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UK – Growth in UK labour market but pay declines

13 August 2014

The latest estimates for April to June 2014, according to the Office of National Statistics, show that employment continued to rise and unemployment continued to fall. These changes continue the general direction of movement over the past two years.

During the three month period, there were 30.60 million people in work, 167,000 more than for January to March 2014 and 820,000 more than a year earlier.

The unemployment rate continued to fall, reaching 6.4% for April to June 2014, the lowest since late 2008. The unemployment rate is the proportion of the economically active population (those in work plus those seeking and available to work) who were unemployed.

The employment rate for those aged between 16 to 64 was 73.0%, up from 72.6% in the preceding three months. There were 2.08 million unemployed people, 132,000 fewer than for January to March 2014 and 437,000 fewer than a year earlier.

There were 8.86 million people aged from 16 to 64 who were out of work and not seeking or available to work (known as economically inactive). This was 15,000 more than for January to March 2014 but 130,000 fewer than a year earlier.

The economic inactivity rate was 21.9%. While this was unchanged compared with January to March 2014, the inactivity rate has shown a generally downward path since late 2011.

Pay including bonuses for employees in Great Britain was -0.2% lower than a year earlier. This was mainly due to an unusually high growth rate for April 2013 as some employers who usually paid bonuses in March paid them in April last year. Pay excluding bonuses for employees in Great Britain was 0.6% higher than a year earlier.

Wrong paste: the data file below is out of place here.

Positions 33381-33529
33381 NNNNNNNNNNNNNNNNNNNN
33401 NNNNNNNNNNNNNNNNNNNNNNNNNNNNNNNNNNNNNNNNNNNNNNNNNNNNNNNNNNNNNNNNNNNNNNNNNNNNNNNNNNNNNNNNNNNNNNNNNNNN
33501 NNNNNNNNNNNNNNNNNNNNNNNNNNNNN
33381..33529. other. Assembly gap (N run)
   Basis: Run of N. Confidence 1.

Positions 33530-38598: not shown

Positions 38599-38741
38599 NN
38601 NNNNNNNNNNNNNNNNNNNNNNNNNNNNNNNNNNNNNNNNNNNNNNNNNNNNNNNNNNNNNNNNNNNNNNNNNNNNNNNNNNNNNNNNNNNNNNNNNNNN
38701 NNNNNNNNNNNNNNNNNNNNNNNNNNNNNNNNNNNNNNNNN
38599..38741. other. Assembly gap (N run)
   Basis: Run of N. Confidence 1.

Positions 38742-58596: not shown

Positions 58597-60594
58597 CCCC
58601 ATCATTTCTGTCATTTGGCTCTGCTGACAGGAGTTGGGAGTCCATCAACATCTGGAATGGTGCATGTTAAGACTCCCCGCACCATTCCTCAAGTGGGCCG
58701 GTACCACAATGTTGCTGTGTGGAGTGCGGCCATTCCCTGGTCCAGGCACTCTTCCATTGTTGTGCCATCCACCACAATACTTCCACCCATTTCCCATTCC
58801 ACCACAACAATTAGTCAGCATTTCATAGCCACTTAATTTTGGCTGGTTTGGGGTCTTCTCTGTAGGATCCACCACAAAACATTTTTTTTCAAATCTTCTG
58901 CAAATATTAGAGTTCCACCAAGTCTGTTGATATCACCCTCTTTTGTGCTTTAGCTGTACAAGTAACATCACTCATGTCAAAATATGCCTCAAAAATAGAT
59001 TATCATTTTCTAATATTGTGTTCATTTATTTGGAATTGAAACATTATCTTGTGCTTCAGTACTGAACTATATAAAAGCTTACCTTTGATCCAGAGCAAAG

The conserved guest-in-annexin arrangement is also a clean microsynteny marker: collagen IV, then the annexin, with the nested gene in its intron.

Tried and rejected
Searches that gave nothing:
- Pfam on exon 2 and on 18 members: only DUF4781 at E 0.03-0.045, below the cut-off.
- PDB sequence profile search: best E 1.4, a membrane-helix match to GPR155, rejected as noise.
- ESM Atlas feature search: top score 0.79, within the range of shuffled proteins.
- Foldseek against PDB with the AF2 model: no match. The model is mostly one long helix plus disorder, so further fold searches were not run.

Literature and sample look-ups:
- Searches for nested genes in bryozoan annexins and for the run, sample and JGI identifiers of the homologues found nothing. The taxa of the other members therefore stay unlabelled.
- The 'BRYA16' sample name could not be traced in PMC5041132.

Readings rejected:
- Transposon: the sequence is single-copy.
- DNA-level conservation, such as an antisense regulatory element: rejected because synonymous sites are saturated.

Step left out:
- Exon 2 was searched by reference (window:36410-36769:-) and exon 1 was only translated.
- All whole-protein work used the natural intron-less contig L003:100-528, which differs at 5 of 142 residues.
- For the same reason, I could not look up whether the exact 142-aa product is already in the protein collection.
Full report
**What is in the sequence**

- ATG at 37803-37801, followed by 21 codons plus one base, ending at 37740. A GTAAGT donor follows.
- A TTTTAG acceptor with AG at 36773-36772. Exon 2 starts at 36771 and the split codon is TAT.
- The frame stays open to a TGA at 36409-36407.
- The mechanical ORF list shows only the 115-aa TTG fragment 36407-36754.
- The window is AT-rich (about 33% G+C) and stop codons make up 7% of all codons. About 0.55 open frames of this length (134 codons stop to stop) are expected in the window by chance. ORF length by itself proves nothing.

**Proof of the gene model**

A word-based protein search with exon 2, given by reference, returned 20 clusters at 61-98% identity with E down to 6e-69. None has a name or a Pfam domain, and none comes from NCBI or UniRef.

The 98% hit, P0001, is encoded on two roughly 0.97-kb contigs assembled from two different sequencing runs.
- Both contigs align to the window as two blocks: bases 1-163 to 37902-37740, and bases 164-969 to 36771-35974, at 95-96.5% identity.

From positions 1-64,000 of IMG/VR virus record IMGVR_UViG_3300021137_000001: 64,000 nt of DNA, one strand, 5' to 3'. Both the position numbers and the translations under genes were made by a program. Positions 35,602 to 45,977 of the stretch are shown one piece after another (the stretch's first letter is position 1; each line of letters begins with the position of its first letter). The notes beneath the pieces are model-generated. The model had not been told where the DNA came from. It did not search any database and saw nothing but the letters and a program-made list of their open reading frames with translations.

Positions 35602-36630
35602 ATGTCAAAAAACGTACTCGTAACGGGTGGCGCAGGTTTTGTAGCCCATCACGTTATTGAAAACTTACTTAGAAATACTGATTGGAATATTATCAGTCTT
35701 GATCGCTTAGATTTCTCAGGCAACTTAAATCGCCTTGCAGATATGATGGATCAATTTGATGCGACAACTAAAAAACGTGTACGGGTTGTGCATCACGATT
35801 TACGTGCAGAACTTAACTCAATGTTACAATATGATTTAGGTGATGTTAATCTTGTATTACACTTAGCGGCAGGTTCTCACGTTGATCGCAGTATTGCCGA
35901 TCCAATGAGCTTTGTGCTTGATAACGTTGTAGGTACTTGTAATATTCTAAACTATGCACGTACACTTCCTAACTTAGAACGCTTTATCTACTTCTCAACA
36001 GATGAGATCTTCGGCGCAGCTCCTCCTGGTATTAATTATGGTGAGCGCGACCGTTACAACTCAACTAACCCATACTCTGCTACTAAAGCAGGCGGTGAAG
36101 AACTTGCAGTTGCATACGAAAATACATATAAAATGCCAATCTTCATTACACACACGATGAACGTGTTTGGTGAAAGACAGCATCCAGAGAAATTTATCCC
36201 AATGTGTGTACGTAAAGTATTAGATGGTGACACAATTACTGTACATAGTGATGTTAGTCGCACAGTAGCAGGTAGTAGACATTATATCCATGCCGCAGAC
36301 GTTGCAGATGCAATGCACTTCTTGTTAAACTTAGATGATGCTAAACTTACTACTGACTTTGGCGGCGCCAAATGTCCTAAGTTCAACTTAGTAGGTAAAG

Commenting on the statistics released today, Mark Beatson, Chief Economist at CIPD, commented: "The number of people in work has increased by over 450,000 in six months and average hours worked have increased marginally, so this is not because work is being spread more thinly. About half of this growth has been in self-employment and this could mean that hours and earnings become more variable in future, as the self-employed tend to vary these rather than stopping (or starting) self-employment.  Unemployment continues to fall sharply and we are now seeing real progress in terms of reducing youth unemployment. The number of 16-24 year olds who are unemployed and not in full-time education fell by 135,000 in the last two quarters.

"The latest headline earnings growth figure is negative but this is probably a one-off - one of the ripples from changes to the top rate of income tax.  But if we look at the data excluding bonuses, average weekly earnings in June were the same as in December last year and up by only 0.8% on June last year.  This may be because labour productivity, measured by the value of output each of us produce per hour worked, has not increased in the first half of 2014 alongside strong employment growth in low-paid sectors such as restaurants and hotels, “ Beatson added.

To read the full report from the ONS, please click here 


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